Singaporean startup FathomX scores almost $2M to hasten breast cancer AI development


AI startup FathomX from Singapore has raised SG$2.24 million ($1.6 million) from an undisclosed investor in the lead-up to its Series A funding round. 

This follows its seed funding round in April last year where it raised SG$500,000 (over $350,000). 


A spin-off from the National University of Singapore and the National University Health System, FathomX offers an AI-powered mammography support tool called FxMammo. 

The screening solution has been found to be highly accurate in detecting cancer in dense breasts among Asian women. It is also able to reduce false positives for interval cancers, or cancers that are diagnosed in between routine screening episodes. Additionally, it enhances clinical workflow by reducing screening time and workforce. 

The startup is closely working with the Diagnostics Development Hub of Singapore’s Agency for Science, Technology and Research and Hewlett Packard Enterprise to develop FxMammo into software as a medical device.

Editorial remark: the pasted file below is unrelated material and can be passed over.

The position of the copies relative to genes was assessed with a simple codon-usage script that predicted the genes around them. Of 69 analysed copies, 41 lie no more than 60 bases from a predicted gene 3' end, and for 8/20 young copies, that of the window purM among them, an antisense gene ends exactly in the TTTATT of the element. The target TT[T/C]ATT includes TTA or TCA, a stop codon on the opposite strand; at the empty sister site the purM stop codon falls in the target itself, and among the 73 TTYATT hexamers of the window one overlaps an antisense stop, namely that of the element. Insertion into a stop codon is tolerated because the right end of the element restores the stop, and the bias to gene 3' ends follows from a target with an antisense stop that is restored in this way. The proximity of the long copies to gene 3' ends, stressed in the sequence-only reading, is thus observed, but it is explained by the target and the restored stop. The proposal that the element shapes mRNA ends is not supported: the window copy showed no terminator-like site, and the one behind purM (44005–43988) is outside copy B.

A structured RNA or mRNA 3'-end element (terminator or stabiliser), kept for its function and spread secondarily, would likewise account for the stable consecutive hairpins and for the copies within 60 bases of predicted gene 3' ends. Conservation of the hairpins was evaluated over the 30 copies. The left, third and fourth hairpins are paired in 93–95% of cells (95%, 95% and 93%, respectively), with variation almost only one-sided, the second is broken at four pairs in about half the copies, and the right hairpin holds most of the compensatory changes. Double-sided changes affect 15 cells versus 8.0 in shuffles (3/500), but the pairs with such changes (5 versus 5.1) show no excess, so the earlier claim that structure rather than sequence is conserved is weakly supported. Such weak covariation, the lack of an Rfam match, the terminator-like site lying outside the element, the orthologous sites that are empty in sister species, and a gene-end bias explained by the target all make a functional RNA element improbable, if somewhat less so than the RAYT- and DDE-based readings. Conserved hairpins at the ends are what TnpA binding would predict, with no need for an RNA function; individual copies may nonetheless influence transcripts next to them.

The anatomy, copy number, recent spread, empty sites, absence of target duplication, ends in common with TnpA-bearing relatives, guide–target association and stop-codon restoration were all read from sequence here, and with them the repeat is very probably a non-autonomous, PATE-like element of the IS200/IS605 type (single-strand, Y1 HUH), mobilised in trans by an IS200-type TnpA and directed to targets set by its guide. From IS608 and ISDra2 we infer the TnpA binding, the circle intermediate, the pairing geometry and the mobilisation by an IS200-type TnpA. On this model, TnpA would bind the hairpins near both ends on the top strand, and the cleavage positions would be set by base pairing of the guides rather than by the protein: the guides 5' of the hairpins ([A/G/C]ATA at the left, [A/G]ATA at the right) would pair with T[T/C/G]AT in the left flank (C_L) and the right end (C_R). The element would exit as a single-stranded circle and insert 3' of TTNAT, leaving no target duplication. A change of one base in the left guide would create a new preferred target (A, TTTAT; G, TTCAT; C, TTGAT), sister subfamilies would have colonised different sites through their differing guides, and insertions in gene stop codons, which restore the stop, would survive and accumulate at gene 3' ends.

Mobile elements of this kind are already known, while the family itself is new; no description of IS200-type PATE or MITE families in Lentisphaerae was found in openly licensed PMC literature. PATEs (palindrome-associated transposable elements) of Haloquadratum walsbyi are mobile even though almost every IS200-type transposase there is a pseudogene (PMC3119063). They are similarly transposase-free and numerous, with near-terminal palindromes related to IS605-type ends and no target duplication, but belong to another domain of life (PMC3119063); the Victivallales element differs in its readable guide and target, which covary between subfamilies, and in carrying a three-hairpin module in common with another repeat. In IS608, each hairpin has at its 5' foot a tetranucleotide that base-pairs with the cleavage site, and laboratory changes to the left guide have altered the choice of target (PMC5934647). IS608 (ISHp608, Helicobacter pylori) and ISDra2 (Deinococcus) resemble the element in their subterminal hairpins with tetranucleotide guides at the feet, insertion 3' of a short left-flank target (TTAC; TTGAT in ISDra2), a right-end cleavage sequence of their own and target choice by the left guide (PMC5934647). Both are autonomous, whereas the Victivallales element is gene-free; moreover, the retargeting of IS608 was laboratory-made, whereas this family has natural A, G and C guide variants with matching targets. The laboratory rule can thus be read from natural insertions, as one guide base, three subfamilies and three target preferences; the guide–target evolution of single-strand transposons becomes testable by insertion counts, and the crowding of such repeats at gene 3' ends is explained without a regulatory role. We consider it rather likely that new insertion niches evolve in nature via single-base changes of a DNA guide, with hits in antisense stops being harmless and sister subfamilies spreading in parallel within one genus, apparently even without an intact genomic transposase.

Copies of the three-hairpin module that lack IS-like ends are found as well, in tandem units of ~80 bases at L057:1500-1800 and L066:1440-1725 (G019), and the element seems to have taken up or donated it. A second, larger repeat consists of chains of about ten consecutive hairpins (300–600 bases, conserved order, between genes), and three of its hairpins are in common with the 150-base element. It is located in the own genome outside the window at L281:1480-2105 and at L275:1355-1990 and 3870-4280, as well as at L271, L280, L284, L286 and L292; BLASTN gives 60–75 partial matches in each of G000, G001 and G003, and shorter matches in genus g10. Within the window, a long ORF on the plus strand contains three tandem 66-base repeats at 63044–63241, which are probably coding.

Its fresh funding will help accelerate the pace of its product development and its acquisition of regulatory approvals. Moreover, the funding will support its ongoing multi-site validation study for FxMammo across eight markets in Asia-Pacific, as well as facilitate more research and commercial collaborations.


South Korean startup Lunit is currently leading the AI diagnostic space in APAC. It also offers an AI mammography support tool, Lunit INSIGHT MMG, which analyses mammograms with 96% accuracy. It recently unveiled a new digital breast tomosynthesis tool which accelerates the reading process by choosing a 3D slice image with suspicious lesions among multiple images.

Another startup, Whiterabbit, has also recently introduced its own AI breast cancer screening solution called WRDensity, which was given an FDA 510(k) clearance in 2020. It uses AI to deliver data on breast density, which is a risk factor for breast cancer. New Zealand-based Volpara Health is another company that has received the same US FDA approval for its breast cancer detecting platform, Volpara Imaging Software.


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